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Content available remote The prevalence and causes of bodily injuries in martial art kung-fu
Study aim: To assess the prevalence and causes of physical injuries in male adolescents participating in martial art kung-fu National competitions.Material and methods: A group of 248 male subjects aged 14 - 18 years, participants of Iranian National Championships 2007, were subjected to questionnaire study. They were requested to answer questions about the types and causes of injuries they experienced. Chi-square function was used in data analysis.Results: The injury risk was 28%. Among organ injuries, the prevalence of lower extremity ones was highest (61.9%; p<0.01) while among soft tissue injuries, the muscle tendon ones were most frequent (42.4%; p<0.01). The main injuries were contusions (32.4%) and sprains (30.9%), the main cause of injuries being the opponent's kicks (64%) and the main circumstance - opponent's technical foul (17.5%).Conclusions: The quantitative prevalence of diverse injuries in the martial art kung-fu and of their causes ought to be considered by coaches, sport managers and the athletes when undertaking kung-fu training, organising competitions, etc.
Content available remote Comparison of Static Balance and the Role of Vision in Elite Athletes
When prescribing balance exercises to athletes in different sports, it may be important to recognize performance variations. Indeed, how athletes from different sports perform on balance tests is not well understood. The goal of the present study was to compare static balance and the role of vision among elite sprinters, jumpers and rugby players. The modified clinical test of sensory interaction on balance (mCTSIB) was used to assess the velocity of the center-of-pressure (CoP) on a force platform during a 30 s bipedal quiet standing posture in 4 conditions: firm surface with opened and closed eyes, foam surface with opened and closed eyes. Three-factor ANOVA indicated a significant main effect for groups (F=21.69, df=2, p<0.001, η2 = 0.34). Significant main effect of vision (F=43.20, df=1, p<0.001, η2 = 0.34) and surface (F=193.41, df=1, p<0.001, η2 = 0.70) as well as an interaction between vision (eyes open, eyes closed) and surface (firm and foam) (F=21.79, df=1, p=0.001) were reported in all groups. The subsequent Bonferroni-Dunn post hoc test indicated that rugby players displayed better static balance than sprinters and jumpers (p=0.001). The comparison of sprinters and jumpers did not reveal significant differences (p>0.05). The nature of the sport practiced and the absence of visual control are linked to modify static balance in elite athletes. Coaches and strength and conditioning professionals are recommended to use a variety of exercises to improve balance, including both exercises with opened and closed eyes on progressively challenging surfaces in order to make decisions about tasks and sensory availability during assessment and training.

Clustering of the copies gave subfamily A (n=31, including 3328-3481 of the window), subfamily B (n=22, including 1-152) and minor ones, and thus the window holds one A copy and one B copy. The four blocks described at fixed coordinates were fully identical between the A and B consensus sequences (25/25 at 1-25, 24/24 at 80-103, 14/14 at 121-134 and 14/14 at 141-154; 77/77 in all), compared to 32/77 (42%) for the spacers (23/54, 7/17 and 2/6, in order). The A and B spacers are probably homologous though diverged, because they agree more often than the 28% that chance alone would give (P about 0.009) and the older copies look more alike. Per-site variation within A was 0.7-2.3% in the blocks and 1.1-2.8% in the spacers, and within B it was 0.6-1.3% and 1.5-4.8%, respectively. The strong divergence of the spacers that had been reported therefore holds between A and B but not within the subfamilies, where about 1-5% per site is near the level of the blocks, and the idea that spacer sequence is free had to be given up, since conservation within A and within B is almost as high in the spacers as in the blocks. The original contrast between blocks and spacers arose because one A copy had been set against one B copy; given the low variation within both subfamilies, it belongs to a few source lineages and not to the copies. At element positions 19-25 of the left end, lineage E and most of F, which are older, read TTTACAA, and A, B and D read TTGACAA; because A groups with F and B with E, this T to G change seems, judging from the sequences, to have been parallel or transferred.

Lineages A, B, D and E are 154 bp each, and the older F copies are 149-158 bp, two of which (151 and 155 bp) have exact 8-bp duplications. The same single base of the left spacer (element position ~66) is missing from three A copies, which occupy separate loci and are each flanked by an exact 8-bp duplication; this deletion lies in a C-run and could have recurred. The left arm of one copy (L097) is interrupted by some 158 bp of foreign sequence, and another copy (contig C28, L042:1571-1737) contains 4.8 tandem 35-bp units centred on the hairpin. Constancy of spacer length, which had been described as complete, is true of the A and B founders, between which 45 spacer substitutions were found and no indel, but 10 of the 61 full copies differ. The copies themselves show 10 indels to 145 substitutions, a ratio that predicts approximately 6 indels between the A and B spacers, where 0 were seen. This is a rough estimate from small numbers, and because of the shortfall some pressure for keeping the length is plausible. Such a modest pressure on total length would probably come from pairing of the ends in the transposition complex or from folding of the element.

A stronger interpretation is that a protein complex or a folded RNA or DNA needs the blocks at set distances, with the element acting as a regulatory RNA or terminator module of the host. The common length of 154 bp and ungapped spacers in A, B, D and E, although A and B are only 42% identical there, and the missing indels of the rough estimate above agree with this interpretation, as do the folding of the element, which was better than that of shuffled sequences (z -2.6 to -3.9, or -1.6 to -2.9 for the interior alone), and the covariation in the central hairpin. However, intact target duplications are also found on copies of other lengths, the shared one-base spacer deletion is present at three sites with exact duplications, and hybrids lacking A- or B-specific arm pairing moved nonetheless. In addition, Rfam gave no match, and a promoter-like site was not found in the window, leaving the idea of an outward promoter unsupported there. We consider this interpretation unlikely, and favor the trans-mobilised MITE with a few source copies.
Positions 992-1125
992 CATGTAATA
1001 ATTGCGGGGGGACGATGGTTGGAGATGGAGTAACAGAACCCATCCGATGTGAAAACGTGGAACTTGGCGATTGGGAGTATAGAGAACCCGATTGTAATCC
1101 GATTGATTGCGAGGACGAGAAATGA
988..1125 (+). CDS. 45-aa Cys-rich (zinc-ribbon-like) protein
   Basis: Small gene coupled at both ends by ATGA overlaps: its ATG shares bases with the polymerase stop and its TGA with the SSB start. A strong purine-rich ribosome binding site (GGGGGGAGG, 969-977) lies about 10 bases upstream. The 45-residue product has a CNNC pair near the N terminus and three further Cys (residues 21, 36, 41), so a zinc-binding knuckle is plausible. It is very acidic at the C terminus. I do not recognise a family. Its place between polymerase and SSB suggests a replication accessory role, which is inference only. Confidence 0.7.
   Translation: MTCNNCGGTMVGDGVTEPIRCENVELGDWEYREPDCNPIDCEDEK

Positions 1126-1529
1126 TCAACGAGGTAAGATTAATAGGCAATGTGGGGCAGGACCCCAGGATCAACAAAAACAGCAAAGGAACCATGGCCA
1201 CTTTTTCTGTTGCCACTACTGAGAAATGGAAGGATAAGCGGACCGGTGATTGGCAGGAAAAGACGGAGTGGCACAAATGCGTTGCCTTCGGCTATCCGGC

Content available remote Influence of various preseason training in elite youth soccer players
immediate feedback concerning brain activity on autotelic engagement attention and the performance of athletes’ minds. Material and methods: the experimental group (25 subjects) underwent twenty neurofeedback-EEG training sessions (in the relaxation armchair) and athletic training for four months (every 7 days). The control group (25 subjects) underwent athletic training sessions. Before and after the four months of neurofeedback-EEG training sessions, the athletes were evaluated using an involvement questionnaire and Kraepelin’s work curve test. Results: the results of the analysis showed that changes in autotelic engagement were observed with an improvement in the performance of the mind (p < 0.01), which points to increased speed and mental work speed and efficiency. Among three measures of performance, we observed a significant correlation between the total number of addition operations in the test with autotelic experience (r = 0.769). Conclusions: neurofeedback-EEG training opens up new opportunities for improvement in the performance of athletes’ minds.
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